Arriving at the Mayfair I was slightly shocked to find that you could count those in attendance on two hands. And we all sat so far apart that it had the distinct feeling of some X-Rated theatre. Which ended up being a stunningly appropriate comparison because the questions at these types of thing tend to be a squirmy kind of intellectual masturbation. “Mr. Ferret, I liked your book but it seems you forgot to include my pet project in the plot, would you agree that this was a gross mistake?” This couldn’t bother me though; readers have always been a cast of clowns that I can’t help but love. What really got me in jitters was the entrance of Ferris himself. He sat an aisle over and the quick contraction of book flap photo to flesh and blood figure made me almost queasy with nervousness. I had one of those moments where you see yourself from a third-person perspective and become acutely aware, on an almost Buddhist-like level, of your own body. Sweaty and shaking, why didn’t I shave before leaving the house – will I look like a crazy person with slight scruff on my chin – how’s my breath – can I talk to him? Suddenly it felt as if someone had laid anchor on my lap and exchanged my feet for cement blocks. I came to talk to him, I have to talk to him. The better angels of my nature jackhammered my cobblestone shoes and I waddled Charlie Chaplin-style over to flagellate myself in front of the rex at rest.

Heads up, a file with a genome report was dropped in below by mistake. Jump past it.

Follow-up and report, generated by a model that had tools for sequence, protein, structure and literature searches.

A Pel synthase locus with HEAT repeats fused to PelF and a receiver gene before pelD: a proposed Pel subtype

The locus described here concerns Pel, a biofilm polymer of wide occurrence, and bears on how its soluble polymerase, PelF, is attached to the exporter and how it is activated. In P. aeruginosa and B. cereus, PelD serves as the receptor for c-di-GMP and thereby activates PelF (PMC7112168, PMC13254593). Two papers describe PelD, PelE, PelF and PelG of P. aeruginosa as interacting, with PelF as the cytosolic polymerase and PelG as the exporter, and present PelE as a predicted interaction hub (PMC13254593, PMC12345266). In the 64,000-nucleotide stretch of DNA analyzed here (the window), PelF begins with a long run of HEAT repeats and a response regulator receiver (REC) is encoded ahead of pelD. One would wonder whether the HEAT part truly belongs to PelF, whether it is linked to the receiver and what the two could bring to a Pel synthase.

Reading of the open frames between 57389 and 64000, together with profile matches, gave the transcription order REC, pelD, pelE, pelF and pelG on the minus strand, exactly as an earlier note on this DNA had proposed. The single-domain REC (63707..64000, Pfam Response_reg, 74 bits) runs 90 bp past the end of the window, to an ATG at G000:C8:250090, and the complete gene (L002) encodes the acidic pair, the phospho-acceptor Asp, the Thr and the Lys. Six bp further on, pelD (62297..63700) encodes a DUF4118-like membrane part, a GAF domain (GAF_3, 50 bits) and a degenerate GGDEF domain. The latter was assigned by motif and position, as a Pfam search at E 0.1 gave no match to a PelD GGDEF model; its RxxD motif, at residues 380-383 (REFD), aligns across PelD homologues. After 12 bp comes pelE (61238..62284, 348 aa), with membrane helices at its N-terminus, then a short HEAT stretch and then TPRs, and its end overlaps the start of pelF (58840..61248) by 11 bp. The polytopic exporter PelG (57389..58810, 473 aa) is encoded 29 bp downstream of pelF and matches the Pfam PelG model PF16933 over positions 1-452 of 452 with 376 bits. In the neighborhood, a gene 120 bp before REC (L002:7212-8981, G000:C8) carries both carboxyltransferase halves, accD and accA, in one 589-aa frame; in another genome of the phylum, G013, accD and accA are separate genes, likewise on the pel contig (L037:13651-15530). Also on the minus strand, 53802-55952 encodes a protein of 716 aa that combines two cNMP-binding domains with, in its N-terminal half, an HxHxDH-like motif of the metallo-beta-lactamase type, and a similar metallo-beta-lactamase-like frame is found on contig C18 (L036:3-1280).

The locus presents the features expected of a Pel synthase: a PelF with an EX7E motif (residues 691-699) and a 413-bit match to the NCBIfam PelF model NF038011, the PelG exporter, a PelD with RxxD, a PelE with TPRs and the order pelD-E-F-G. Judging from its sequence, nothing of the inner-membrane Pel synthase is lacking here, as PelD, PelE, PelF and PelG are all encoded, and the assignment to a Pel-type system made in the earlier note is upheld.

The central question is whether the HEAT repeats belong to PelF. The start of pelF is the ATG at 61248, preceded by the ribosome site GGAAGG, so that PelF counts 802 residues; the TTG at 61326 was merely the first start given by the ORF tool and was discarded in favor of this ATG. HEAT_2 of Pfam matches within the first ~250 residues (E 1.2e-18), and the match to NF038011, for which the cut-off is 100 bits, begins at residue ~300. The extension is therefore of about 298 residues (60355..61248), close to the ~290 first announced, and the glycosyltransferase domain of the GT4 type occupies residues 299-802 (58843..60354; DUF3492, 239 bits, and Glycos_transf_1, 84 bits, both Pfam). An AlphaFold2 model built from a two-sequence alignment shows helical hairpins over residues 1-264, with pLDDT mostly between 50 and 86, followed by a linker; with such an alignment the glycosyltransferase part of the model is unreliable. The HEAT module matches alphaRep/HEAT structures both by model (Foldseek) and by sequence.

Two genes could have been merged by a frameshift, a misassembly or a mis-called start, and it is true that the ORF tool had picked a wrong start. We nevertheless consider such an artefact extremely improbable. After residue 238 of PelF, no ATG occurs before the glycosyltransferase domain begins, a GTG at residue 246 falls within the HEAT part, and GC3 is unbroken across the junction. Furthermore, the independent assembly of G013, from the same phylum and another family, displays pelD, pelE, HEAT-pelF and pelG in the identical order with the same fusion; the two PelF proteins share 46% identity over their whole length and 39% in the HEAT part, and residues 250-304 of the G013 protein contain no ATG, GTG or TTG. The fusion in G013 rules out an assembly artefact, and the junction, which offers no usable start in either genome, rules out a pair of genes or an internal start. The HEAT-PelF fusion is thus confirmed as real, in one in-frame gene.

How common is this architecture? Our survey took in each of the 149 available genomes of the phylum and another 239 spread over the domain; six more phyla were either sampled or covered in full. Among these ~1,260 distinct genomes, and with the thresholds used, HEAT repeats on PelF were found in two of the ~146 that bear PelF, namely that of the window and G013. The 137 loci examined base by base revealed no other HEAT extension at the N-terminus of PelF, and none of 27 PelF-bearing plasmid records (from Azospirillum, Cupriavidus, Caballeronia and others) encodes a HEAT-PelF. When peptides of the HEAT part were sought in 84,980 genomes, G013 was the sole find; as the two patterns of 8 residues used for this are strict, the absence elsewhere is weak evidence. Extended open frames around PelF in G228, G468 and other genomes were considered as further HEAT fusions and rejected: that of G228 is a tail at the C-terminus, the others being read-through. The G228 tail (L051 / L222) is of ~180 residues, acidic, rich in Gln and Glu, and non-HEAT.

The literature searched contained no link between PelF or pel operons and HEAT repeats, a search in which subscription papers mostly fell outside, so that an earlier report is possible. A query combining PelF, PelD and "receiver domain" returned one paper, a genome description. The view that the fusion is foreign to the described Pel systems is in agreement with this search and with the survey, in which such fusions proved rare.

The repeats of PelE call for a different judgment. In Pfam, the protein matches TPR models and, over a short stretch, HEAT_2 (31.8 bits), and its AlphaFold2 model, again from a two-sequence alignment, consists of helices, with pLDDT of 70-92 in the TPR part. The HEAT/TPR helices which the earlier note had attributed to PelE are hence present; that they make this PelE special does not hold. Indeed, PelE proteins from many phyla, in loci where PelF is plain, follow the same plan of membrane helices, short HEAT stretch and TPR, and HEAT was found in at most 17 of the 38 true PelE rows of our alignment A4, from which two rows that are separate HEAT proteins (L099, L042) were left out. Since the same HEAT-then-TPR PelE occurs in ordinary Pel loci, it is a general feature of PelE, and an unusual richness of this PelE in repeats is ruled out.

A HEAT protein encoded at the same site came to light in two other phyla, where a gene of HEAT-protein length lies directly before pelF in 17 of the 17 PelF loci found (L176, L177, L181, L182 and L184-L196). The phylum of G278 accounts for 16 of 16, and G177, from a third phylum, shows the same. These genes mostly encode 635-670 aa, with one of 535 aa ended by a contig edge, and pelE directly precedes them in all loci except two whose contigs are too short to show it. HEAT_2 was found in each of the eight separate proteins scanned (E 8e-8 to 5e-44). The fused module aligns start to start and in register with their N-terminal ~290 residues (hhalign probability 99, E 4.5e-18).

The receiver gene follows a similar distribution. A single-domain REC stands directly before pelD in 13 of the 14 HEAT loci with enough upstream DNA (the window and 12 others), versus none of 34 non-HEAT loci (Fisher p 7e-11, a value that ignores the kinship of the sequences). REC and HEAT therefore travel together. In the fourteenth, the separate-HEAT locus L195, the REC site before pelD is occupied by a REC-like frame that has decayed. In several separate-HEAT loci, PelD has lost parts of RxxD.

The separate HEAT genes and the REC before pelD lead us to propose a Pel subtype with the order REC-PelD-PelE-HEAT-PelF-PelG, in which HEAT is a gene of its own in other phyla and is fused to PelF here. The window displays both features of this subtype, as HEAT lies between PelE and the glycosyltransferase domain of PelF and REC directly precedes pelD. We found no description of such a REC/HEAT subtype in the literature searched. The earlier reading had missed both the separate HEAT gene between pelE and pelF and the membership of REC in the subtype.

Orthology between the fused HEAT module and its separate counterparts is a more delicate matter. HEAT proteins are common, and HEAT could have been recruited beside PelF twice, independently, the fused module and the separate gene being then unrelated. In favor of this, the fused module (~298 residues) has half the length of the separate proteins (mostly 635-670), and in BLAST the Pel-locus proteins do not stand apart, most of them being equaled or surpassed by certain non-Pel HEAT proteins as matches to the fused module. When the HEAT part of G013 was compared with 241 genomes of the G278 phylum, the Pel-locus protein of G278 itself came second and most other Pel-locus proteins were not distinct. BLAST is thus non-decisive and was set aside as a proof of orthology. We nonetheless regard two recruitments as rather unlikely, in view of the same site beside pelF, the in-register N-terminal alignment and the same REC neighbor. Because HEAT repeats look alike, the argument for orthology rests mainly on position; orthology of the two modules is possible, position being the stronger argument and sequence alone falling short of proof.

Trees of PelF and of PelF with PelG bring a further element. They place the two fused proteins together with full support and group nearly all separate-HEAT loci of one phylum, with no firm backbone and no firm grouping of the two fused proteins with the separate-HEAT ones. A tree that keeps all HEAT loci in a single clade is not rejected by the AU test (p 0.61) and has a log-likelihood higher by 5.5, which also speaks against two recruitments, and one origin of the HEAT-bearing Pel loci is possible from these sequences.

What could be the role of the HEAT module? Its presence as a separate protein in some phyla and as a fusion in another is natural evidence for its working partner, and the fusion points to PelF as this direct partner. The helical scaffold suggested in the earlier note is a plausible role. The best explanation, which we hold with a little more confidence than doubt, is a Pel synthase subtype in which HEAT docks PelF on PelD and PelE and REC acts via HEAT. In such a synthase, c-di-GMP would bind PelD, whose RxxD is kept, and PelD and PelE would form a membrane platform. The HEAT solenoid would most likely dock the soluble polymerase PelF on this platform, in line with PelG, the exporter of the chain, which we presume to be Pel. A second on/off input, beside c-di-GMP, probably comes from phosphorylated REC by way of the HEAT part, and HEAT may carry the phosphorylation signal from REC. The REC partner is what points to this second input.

“Hey, uhm, I’m a big fan” (Really?!)
A smile. His hand is offered as he stands. I am six foot three and looking up. This man is a giant.
“That’s so nice of you to say, thanks for coming out.”
“Do you, well, would it be possible. If you have time, could I maybe talk to you after?”
“Oh sure, who are you with?”
“The Charlatan, for the university down the road” (This is a lie, and all the worse because he was about to find out just what caliber of journalist I was)
“Oh okay, cool. Sure, I should have time for that.”
Don’t ask me about the actual event. I spent the whole time scribbling questions down in a tiny notepad (that’ll look professional right?) in anticipation of the now much-more-formal-than-intended conversation to come. A disclaimer: like most people, I consider myself at my intellectual prime at 3am while drunk out of my mind in the corner of some alleyway pizza place, growing pustule-like out of the side of some bigger host building. Y’know the type that wears the greasy smudge of smog from its ovens on the wallpaper with pride. Only there and then, in my personal urban Eden, does the crippling self-awareness disappear. And this was no pizza parlor. So as Ferris’ felt folding seat squeaked into a right angle beside me, I swear my insides liquefied and came gushing out my mouth.
I tried to ask him questions, but I ended up just name-dropping trendy authors with the kind of insecurity that others might wear while flashing the relevant documents for a gallon-hat wearing border guard. I’m one of you, I swear. Part of the problem was that I came in search of a conversation and somehow slipped my way into an interview, which I was frantically underprepared for. But another issue, and this’ll sound strange, was how nice he was. His curious smile (no doubt as surprised by my presence there as I was) just felt more welcoming than the situation warranted. If he had been a stoic Kilimanjaro, over whom you could only gain purchase with the icy violence of a pickaxe, I might have settled into the role of some wounded fanboy. But he seemed genuinely happy to sit and speak with me, which made me even more grateful, which made me even more nervous about living up to his kindness.